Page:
Constructed as fortresses during the times of Ottoman invasions the monasteries gave protection to armies and the local peasants. The paintings, illustrating historic and religious stories, were undertaken for the edification and entertainment of those sheltering within the monastery.
There are 22 painted churches, eight are in the UNESCO listing and we visited six of them. They are all very active places of religious devotion, still enclosed within their fortress walls. The churches are surrounded by manicured gardens full of colourful roses.
Volumes have been written about these wonderful places and a detailed examination of every image in every panel on every wall is almost a lifetime's study. We could only try to take it all in and select a small number to fully appreciate.
The Monasteries
This was the last of the monasteries to be built, between 1582 and 1601. Some say it is the finest. It was the first that we visited and we were astonished and amazed by our first sight of a blue wall covered with angels.
Sucevita Monastery
This is the so-called Ladder of Virtues or Ladder to Paradise. A painted ladder cuts diagonally across the wall and people are climbing up towards Paradise. Above the ladder are the angels and below are nasty demons (in the detail) trying to pull the climbers down into the underworld.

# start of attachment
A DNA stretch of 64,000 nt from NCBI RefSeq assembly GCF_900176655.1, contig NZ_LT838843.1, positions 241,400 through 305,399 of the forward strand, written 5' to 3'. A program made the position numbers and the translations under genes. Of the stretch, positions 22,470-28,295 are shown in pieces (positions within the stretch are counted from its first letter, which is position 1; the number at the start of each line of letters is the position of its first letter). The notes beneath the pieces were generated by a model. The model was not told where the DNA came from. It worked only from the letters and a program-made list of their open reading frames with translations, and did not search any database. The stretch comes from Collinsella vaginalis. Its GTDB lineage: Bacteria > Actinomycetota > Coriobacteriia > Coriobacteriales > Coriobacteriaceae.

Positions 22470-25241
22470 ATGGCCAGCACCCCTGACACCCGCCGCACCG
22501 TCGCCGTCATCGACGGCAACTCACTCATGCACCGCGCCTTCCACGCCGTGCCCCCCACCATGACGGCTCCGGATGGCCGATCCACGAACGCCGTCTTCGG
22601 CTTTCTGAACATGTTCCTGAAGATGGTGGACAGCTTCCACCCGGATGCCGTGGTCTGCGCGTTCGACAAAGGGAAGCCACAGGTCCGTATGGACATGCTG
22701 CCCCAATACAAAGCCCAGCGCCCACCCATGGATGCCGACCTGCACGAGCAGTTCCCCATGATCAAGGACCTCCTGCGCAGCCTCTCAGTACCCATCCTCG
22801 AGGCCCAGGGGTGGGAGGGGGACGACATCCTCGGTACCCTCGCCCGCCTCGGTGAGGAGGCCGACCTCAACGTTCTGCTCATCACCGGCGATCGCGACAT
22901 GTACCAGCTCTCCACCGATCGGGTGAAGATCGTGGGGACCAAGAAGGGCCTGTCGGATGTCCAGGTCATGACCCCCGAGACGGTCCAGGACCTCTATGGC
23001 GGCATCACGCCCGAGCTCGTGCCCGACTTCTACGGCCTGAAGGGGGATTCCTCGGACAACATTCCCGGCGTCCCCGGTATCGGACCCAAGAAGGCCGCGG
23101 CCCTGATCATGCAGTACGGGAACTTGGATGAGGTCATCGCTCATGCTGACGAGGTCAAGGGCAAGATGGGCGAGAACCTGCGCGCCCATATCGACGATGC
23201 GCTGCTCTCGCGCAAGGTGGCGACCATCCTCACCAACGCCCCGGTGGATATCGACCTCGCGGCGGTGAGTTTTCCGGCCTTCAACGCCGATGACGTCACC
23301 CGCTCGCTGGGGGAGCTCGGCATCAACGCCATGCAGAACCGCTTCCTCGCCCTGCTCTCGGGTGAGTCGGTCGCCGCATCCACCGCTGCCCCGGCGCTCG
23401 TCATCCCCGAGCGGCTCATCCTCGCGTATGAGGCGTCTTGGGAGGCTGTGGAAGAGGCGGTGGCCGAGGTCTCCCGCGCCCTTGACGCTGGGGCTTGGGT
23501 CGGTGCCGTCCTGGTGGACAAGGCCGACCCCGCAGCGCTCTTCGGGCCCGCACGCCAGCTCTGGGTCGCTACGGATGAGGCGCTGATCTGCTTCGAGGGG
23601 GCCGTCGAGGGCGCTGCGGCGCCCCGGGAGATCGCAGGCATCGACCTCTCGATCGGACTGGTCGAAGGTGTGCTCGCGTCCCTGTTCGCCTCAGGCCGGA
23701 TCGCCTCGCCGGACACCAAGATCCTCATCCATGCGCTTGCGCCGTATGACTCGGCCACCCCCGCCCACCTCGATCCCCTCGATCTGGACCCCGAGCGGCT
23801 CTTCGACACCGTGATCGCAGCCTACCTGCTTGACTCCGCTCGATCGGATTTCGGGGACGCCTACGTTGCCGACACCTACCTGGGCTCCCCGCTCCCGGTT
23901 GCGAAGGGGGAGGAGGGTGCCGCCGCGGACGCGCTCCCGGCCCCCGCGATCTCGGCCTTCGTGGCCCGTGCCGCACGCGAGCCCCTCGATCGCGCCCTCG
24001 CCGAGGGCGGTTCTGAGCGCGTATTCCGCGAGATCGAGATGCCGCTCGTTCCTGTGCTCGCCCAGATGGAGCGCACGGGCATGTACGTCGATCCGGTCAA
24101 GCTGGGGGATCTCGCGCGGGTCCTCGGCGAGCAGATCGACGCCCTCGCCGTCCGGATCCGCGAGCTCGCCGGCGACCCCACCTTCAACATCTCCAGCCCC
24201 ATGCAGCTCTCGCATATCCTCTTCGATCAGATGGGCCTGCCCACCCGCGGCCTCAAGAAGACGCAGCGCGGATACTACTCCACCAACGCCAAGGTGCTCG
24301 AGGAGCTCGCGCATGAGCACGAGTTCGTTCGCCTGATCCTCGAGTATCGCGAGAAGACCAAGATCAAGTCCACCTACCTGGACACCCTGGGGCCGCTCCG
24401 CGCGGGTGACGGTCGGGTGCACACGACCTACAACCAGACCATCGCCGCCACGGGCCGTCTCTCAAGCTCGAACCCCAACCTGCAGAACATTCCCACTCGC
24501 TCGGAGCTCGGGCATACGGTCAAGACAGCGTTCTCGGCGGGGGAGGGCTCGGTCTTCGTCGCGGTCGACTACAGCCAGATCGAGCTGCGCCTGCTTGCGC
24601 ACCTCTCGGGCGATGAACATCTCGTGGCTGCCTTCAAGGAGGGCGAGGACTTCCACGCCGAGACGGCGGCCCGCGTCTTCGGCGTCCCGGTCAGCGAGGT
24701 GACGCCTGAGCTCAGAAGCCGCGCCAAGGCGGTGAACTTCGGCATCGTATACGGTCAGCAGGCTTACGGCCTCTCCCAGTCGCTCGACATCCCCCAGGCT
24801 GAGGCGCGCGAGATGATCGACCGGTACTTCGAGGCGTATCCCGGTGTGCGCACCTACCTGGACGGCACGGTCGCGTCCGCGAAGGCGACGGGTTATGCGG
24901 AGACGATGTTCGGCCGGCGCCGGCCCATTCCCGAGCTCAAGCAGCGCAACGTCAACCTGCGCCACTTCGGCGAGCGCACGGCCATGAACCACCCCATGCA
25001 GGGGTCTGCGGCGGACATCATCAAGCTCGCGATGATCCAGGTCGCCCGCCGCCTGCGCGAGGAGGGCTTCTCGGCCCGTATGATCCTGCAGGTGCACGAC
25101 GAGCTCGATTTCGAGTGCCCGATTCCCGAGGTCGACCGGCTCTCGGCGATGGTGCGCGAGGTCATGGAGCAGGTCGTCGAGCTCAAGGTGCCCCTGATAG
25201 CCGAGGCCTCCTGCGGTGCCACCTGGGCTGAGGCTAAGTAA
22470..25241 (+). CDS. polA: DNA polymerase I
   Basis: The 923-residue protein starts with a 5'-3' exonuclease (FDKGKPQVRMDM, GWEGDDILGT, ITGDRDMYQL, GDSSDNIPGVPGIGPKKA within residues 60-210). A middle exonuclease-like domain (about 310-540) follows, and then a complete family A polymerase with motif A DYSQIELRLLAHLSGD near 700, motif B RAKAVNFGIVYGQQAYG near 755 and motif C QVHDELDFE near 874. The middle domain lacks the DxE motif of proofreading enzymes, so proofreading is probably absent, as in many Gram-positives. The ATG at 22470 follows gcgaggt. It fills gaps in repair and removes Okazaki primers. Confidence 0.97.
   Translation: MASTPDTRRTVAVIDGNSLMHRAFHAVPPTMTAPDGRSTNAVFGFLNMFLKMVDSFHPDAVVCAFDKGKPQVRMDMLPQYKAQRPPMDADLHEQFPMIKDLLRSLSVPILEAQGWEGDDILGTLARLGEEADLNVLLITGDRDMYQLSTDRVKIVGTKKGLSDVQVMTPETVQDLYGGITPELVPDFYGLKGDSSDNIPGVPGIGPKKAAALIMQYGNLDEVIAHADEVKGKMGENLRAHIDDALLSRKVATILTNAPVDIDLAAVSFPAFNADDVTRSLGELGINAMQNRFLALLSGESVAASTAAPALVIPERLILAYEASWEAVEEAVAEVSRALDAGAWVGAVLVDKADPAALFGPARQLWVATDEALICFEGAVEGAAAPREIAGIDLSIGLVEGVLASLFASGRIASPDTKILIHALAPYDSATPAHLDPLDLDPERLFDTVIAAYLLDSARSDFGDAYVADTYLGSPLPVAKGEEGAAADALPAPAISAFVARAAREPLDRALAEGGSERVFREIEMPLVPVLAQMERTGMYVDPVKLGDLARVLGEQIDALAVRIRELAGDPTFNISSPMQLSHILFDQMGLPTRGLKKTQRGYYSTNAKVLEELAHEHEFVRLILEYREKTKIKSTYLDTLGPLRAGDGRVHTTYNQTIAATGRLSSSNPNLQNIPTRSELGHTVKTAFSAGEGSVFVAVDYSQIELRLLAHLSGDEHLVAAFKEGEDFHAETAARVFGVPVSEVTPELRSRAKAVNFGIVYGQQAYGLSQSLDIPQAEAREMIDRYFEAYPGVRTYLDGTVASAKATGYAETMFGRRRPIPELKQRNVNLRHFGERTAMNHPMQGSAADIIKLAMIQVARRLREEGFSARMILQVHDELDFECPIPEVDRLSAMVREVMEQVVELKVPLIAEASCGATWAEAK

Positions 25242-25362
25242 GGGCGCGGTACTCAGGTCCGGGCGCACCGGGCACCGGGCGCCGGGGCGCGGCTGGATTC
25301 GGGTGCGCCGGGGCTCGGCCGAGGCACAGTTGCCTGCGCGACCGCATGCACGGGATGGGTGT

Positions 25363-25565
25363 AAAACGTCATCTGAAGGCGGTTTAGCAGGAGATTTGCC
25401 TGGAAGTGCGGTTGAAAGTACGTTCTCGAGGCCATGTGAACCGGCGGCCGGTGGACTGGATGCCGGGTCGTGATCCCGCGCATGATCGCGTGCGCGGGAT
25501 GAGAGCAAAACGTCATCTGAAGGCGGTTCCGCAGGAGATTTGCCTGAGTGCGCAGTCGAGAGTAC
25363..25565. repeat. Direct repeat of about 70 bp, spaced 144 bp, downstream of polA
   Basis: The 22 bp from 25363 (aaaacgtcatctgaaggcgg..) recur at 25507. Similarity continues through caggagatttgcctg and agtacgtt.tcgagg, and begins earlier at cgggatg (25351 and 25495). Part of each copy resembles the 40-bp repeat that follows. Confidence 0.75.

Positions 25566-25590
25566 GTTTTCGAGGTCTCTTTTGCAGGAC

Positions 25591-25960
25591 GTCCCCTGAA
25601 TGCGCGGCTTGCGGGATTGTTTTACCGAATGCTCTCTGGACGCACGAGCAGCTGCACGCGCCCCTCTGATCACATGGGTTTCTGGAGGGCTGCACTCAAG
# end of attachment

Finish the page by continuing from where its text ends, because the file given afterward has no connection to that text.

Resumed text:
Above this masterpiece (top right) is a 'comic strip' depicting the story of the creation - a series of panels which move from the Creation to the expulsion of Adam and Eve from the Garden of Eden.
The other walls are also richly decorated but this first impression has left a lasting impact. Inside the church the brilliant colours of recently restored paintings could only be glimpsed through walls of scaffolding.
God creates Eve
Eve eats the fruit
Putna was built between 1466 and 1481. There are no paintings on its external walls but the interior walls are covered with stylised, almost modern, Byzantine paintings gleaming after their recent restoration. Still an active monastery, it is cherished by Romanians as the burial place of Stefan the Great, the heroic and much loved Prince of Moldavia who lived from 1457-1504. He claimed to have fought 36 battles against Hungary, Poland and the Ottoman Empire, winning all but two. To mark these victories he built many churches and monasteries.